And with that, I’ll end on a song. Via Helmintholog, I give you a rollicking gospel number: Meth and man ass.
Premier Christian Radio have put up the audio of the Unbelievable discussion programme I was on. You can download the MP3 from archive.org.
Here’s my director’s commentary track (except I wasn’t a director, but you get the idea).
The first phone-in question from Steven Carr is a hard one for Christians. In Matthew’s gospel, Jesus talks of God being like a shepherd who seeks each lost sheep. Steven said “a good shepherd is not one who says ‘I have given the lost sheep enough evidence to find its way home'”, provoking laughter in the studio because we all realised how Steven had struck home, I think. Some people (St Paul, for example) seem to get dramatic experiences, whereas some don’t. This is inconsistent with a God who we’re told seeks out everyone. The usual Christian defence is to say that God cannot over-ride our free-will and make us believe (C.S. Lewis says “he cannot rape; he must woo”). But God wasn’t so concerned with St Paul’s free-will and autonomy that he could not knock him off his horse on the way to Damascus, yet St Paul’s sort of experience is rare.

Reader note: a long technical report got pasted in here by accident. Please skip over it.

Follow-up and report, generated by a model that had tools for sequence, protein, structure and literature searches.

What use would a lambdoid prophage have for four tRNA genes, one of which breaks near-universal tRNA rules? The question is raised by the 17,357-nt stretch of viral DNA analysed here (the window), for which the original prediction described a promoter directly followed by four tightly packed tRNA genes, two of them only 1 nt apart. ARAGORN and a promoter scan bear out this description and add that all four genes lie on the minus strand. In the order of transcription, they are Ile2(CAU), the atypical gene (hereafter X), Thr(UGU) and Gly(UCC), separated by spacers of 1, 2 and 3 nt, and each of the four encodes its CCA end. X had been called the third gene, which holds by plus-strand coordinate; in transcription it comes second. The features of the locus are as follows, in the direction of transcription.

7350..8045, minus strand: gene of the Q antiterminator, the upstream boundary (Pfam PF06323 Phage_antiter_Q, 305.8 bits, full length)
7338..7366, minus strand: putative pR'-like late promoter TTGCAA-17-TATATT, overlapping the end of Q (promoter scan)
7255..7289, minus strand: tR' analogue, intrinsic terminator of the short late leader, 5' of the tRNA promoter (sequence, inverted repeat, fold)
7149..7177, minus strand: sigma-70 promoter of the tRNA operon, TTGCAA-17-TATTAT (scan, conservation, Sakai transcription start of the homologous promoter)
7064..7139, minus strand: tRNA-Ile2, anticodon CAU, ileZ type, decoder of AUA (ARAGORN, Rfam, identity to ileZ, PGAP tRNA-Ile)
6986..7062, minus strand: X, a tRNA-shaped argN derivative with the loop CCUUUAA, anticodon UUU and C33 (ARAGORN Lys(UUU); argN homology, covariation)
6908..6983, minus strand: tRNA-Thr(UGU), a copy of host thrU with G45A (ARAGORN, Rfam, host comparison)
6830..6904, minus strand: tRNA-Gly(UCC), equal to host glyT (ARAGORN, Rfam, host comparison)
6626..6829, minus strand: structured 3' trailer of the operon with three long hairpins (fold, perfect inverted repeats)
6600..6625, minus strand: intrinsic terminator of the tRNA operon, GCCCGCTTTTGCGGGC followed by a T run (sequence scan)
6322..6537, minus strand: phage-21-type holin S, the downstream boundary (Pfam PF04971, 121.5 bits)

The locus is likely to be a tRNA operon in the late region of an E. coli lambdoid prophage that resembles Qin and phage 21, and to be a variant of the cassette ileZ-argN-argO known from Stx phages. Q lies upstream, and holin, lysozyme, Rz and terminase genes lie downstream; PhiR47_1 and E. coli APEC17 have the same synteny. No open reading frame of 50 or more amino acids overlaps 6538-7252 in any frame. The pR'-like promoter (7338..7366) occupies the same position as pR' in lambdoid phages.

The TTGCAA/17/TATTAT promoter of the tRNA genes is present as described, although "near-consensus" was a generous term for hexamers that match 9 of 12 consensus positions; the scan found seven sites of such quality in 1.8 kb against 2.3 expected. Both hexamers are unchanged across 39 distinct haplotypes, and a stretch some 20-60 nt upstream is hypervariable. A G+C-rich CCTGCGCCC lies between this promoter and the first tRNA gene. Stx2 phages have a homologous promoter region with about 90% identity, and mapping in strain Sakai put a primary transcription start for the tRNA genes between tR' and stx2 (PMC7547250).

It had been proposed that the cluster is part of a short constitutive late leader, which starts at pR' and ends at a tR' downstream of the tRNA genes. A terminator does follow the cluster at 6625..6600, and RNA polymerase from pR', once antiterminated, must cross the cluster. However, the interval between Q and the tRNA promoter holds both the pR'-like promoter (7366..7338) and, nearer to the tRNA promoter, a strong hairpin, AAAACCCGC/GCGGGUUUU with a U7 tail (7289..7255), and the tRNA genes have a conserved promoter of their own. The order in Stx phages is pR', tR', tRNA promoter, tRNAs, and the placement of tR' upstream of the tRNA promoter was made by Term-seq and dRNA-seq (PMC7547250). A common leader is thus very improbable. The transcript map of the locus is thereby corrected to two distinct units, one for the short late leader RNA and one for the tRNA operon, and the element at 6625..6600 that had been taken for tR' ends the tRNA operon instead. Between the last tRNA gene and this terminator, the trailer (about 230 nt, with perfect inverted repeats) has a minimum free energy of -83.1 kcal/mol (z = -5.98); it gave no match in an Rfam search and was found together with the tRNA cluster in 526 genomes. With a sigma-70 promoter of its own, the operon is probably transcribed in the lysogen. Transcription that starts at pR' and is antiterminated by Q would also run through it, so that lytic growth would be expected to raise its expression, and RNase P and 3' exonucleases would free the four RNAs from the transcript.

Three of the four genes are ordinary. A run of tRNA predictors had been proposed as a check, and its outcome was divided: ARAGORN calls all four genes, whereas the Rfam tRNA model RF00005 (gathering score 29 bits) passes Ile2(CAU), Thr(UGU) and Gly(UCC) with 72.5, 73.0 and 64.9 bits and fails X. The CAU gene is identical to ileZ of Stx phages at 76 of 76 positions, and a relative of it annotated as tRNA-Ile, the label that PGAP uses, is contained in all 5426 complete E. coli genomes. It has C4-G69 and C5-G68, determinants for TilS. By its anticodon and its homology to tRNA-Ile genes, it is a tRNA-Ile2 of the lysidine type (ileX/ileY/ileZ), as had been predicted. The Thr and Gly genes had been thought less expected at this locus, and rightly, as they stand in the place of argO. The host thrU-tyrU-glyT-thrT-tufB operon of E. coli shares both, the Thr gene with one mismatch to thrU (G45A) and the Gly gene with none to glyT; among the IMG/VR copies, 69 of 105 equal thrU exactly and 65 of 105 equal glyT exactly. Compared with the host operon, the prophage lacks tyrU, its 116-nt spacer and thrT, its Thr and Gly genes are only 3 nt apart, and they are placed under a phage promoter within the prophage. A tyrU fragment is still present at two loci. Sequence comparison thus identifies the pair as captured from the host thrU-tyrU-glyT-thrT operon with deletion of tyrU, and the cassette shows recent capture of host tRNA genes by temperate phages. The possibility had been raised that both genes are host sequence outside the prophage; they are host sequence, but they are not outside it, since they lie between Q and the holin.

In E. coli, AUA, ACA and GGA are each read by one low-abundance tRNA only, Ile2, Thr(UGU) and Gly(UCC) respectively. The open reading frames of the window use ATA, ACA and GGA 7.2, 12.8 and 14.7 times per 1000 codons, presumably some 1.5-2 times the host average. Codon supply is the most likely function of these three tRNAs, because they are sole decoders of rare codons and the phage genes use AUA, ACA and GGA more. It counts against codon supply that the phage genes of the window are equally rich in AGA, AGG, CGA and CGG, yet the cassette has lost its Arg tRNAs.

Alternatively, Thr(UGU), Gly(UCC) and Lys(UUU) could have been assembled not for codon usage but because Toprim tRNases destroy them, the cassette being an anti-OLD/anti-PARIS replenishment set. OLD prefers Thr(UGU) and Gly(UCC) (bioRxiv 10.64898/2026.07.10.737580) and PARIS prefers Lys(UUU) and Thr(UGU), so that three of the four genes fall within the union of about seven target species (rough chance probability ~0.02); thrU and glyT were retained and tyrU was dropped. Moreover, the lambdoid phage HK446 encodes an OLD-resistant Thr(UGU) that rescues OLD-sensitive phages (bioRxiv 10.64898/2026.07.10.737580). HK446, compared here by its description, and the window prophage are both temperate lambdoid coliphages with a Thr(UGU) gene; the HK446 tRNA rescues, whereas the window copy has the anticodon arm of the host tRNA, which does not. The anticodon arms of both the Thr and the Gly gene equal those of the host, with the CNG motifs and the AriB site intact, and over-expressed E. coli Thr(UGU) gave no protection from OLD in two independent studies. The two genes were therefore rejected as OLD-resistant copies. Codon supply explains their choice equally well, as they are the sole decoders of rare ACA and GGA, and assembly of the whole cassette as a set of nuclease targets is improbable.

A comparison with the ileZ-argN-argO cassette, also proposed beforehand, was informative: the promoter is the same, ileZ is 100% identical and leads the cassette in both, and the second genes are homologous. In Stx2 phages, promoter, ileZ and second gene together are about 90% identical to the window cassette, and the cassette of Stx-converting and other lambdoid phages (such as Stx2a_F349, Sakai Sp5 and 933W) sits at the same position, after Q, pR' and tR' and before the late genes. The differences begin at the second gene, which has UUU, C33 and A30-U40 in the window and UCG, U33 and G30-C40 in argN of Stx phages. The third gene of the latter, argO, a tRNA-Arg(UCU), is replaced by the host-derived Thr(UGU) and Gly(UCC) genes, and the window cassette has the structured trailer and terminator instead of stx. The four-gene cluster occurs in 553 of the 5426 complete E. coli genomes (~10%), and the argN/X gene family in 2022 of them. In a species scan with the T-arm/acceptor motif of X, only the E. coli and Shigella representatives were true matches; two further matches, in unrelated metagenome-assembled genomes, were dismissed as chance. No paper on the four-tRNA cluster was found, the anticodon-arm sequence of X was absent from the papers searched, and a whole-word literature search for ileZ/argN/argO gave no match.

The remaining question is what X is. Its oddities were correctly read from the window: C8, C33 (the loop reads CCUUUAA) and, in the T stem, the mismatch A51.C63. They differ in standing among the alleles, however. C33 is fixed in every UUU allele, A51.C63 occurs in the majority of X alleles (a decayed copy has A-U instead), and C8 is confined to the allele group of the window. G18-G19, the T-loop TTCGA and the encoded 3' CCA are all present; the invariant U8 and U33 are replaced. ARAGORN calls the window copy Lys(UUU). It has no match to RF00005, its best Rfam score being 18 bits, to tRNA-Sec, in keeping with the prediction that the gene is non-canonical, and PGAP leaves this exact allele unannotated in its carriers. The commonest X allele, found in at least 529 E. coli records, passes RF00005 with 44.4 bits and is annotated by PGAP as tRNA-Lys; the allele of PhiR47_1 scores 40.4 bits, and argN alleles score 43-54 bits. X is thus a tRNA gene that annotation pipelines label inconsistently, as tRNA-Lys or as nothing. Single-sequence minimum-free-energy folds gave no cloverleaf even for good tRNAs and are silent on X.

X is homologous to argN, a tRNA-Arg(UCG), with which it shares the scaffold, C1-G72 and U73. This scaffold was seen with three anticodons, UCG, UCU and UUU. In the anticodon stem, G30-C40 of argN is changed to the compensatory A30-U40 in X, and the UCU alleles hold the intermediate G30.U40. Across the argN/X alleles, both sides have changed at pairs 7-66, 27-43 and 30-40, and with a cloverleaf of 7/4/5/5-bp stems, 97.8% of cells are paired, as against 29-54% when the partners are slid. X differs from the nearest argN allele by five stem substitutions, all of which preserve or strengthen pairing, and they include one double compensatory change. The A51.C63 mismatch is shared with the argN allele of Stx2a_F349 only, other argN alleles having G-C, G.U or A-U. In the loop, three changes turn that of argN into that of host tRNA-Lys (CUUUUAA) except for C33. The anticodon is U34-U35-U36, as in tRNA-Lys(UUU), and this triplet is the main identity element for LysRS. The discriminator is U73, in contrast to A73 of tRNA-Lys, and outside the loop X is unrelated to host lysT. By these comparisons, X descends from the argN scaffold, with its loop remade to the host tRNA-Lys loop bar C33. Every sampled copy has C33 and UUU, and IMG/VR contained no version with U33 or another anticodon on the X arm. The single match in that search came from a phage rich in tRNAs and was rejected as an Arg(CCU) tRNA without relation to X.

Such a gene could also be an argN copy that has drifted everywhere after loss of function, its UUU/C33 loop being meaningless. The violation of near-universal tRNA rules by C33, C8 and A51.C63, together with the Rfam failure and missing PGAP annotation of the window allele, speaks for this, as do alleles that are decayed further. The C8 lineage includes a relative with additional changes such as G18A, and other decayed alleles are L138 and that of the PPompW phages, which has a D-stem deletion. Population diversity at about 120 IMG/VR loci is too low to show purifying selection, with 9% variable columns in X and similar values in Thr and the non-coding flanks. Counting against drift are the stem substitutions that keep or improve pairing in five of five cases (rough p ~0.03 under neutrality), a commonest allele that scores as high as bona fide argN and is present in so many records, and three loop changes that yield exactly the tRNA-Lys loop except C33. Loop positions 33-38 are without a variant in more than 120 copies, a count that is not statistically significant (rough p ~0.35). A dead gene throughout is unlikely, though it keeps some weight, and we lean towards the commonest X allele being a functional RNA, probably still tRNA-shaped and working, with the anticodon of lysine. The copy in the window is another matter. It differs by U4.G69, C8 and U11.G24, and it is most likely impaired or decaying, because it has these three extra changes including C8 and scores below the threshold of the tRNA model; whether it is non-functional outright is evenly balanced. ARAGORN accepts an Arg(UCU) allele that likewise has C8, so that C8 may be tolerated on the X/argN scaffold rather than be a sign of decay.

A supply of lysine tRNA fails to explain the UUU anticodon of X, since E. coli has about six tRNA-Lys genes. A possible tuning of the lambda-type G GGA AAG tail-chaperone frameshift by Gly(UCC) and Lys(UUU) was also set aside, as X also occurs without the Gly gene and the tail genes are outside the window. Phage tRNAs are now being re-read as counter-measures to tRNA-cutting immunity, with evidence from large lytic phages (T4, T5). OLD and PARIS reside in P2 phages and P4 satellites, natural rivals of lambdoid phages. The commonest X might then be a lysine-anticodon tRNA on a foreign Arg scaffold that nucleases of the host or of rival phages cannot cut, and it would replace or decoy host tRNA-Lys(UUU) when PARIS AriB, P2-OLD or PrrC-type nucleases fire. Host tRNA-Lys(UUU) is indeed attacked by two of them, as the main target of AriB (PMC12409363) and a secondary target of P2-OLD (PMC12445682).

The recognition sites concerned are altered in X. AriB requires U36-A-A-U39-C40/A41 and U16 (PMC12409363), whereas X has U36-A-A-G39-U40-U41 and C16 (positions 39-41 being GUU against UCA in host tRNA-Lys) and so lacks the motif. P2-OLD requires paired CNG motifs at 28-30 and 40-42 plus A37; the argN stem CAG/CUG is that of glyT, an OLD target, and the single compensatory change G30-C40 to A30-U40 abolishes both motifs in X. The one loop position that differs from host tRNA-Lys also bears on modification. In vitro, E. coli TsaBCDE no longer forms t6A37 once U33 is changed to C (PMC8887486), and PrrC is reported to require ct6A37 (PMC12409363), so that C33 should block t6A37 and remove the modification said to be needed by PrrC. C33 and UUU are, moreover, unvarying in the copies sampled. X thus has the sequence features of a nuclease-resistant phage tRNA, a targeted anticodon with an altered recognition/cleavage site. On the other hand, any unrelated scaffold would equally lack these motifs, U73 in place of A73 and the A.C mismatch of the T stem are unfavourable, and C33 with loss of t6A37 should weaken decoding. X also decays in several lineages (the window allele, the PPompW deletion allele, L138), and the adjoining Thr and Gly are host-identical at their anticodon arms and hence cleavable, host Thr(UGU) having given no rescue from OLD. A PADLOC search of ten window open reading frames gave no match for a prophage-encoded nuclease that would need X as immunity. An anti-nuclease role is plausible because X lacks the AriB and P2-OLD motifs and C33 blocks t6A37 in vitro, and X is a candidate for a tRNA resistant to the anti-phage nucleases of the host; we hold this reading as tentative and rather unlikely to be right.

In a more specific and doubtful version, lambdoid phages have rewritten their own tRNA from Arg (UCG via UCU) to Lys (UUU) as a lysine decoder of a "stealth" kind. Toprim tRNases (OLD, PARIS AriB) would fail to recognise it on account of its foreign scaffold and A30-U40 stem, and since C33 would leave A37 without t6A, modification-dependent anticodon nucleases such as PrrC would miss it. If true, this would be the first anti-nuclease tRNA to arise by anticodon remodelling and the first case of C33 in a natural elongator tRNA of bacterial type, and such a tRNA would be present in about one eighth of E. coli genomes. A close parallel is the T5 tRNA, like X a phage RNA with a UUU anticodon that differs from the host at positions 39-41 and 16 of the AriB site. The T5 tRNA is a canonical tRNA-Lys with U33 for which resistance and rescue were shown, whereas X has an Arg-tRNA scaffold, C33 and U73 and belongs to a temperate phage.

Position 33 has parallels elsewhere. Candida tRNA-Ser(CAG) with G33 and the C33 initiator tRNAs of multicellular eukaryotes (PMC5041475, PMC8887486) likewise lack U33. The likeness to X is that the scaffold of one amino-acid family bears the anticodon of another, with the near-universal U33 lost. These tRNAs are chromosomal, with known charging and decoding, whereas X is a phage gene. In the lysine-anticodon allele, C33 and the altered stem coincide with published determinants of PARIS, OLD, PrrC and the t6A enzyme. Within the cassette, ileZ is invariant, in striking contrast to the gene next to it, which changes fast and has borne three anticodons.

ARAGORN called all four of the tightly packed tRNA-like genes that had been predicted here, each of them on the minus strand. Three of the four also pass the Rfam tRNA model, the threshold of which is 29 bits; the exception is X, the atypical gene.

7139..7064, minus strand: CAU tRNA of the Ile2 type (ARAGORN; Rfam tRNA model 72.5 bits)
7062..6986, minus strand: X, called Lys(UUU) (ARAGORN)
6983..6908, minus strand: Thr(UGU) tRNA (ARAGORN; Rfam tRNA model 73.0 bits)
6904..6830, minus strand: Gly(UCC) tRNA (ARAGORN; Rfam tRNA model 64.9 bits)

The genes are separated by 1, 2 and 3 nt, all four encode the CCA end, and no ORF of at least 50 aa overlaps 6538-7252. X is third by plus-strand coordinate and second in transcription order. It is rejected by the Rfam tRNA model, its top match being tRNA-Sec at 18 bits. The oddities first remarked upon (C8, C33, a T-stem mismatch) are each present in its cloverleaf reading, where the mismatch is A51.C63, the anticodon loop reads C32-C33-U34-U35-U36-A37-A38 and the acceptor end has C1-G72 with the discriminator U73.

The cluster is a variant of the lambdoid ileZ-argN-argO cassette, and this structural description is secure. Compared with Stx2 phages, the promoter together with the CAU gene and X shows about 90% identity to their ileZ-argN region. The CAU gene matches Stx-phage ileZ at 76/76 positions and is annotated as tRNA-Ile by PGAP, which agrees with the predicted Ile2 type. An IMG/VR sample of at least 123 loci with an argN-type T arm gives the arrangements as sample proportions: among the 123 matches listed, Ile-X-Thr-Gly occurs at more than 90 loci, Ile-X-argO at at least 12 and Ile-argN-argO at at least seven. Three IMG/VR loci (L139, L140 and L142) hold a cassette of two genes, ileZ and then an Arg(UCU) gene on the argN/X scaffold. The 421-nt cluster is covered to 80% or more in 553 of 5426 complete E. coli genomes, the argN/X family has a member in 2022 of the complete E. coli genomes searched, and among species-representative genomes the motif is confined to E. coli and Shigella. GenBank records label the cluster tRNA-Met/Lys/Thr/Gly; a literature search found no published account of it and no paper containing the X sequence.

Marvin’s call was interesting, and all of us in the studio regretted that we didn’t get the chance to discuss all his points. His first point was that to accept the existence of evil one has to accept the existence of God who creates good and evil. I didn’t really follow that argument. The existence of evil seems to be merely a matter of people doing stuff I consider bad, and I don’t need to suppose that God made them do it. It’s possible he was arguing that without God we have no moral basis to call something evil, something which I’ve touched on before.